COMODI : an ontology to characterise differences in versions of computational models in biology

Scharm, Martin ; Waltemath, Dagmar ; Mendes, Pedro ; Wolkenhauer, Olaf (2016-07-11)

CITATION: Scharm, M., Waltemath, D., Mendes, P. & Wolkenhauer, O. 2016. COMODI : an ontology to characterise differences in versions of computational models in biology. Journal of Biomedical Semantics, 7:46, doi:10.1186/s13326-016-0080-2.

The original publication is available at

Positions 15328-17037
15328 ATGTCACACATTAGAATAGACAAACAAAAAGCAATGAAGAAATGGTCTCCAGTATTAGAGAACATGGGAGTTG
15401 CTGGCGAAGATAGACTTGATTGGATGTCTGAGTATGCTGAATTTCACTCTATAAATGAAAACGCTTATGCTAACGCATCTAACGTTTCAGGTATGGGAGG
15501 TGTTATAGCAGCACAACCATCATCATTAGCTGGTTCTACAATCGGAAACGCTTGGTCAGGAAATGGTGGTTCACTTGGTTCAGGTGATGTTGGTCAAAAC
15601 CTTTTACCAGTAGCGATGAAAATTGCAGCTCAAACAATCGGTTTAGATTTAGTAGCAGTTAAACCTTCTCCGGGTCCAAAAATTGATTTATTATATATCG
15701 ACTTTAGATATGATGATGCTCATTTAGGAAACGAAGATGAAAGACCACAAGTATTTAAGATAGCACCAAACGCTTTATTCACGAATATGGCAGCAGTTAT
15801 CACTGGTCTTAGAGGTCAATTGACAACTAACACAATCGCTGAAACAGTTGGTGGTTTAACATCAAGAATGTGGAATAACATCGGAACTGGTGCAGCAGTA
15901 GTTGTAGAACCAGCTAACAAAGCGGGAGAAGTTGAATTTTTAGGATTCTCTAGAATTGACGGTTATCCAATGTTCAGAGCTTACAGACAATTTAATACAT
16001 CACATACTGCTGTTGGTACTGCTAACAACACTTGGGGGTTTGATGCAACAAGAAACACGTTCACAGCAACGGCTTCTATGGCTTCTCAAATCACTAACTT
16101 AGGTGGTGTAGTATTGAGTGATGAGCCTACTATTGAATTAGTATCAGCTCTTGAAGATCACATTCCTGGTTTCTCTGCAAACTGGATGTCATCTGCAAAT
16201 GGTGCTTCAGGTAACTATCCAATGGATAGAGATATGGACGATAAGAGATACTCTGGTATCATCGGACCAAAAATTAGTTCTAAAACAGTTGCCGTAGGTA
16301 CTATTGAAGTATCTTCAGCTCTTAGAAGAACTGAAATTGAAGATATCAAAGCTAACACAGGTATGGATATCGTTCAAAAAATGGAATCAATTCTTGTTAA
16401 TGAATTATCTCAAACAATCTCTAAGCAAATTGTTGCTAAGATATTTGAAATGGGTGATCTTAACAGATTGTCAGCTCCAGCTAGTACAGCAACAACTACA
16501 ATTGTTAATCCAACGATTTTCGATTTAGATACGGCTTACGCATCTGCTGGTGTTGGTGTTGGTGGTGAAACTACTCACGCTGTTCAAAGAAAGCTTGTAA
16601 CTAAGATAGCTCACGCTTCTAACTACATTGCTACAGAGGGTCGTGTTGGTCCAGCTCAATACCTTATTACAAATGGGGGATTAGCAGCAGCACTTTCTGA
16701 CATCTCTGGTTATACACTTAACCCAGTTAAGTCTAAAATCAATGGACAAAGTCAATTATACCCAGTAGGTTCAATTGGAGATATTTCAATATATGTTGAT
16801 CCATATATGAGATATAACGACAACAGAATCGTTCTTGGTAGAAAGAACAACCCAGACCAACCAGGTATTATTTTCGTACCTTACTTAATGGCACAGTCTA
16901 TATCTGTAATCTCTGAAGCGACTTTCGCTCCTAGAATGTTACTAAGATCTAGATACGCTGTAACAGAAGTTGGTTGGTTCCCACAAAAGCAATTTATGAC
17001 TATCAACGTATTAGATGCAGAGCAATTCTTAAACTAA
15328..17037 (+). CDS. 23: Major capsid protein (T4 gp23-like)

Background: Open model repositories provide ready-to-reuse computational models of biological systems. Models within those repositories evolve over time, leading to different model versions. Taken together, the underlying changes reflect a model’s provenance and thus can give valuable insights into the studied biology. Currently, however, changes cannot be semantically interpreted. To improve this situation, we developed an ontology of terms describing changes in models. The ontology can be used by scientists and within software to characterise model updates at the level of single changes. When studying or reusing a model, these annotations help with determining the relevance of a change in a given context. Methods: We manually studied changes in selected models from BioModels and the Physiome Model Repository. Using the BiVeS tool for difference detection, we then performed an automatic analysis of changes in all models published in these repositories. The resulting set of concepts led us to define candidate terms for the ontology. In a final step, we aggregated and classified these terms and built the first version of the ontology. Results: We present COMODI, an ontology needed because COmputational MOdels DIffer. It empowers users and software to describe changes in a model on the semantic level. COMODI also enables software to implement user-specific filter options for the display of model changes. Finally, COMODI is a step towards predicting how a change in a model influences the simulation results. Conclusion: COMODI, coupled with our algorithm for difference detection, ensures the transparency of a model’s evolution, and it enhances the traceability of updates and error corrections. COMODI is encoded in OWL. It is openly available at

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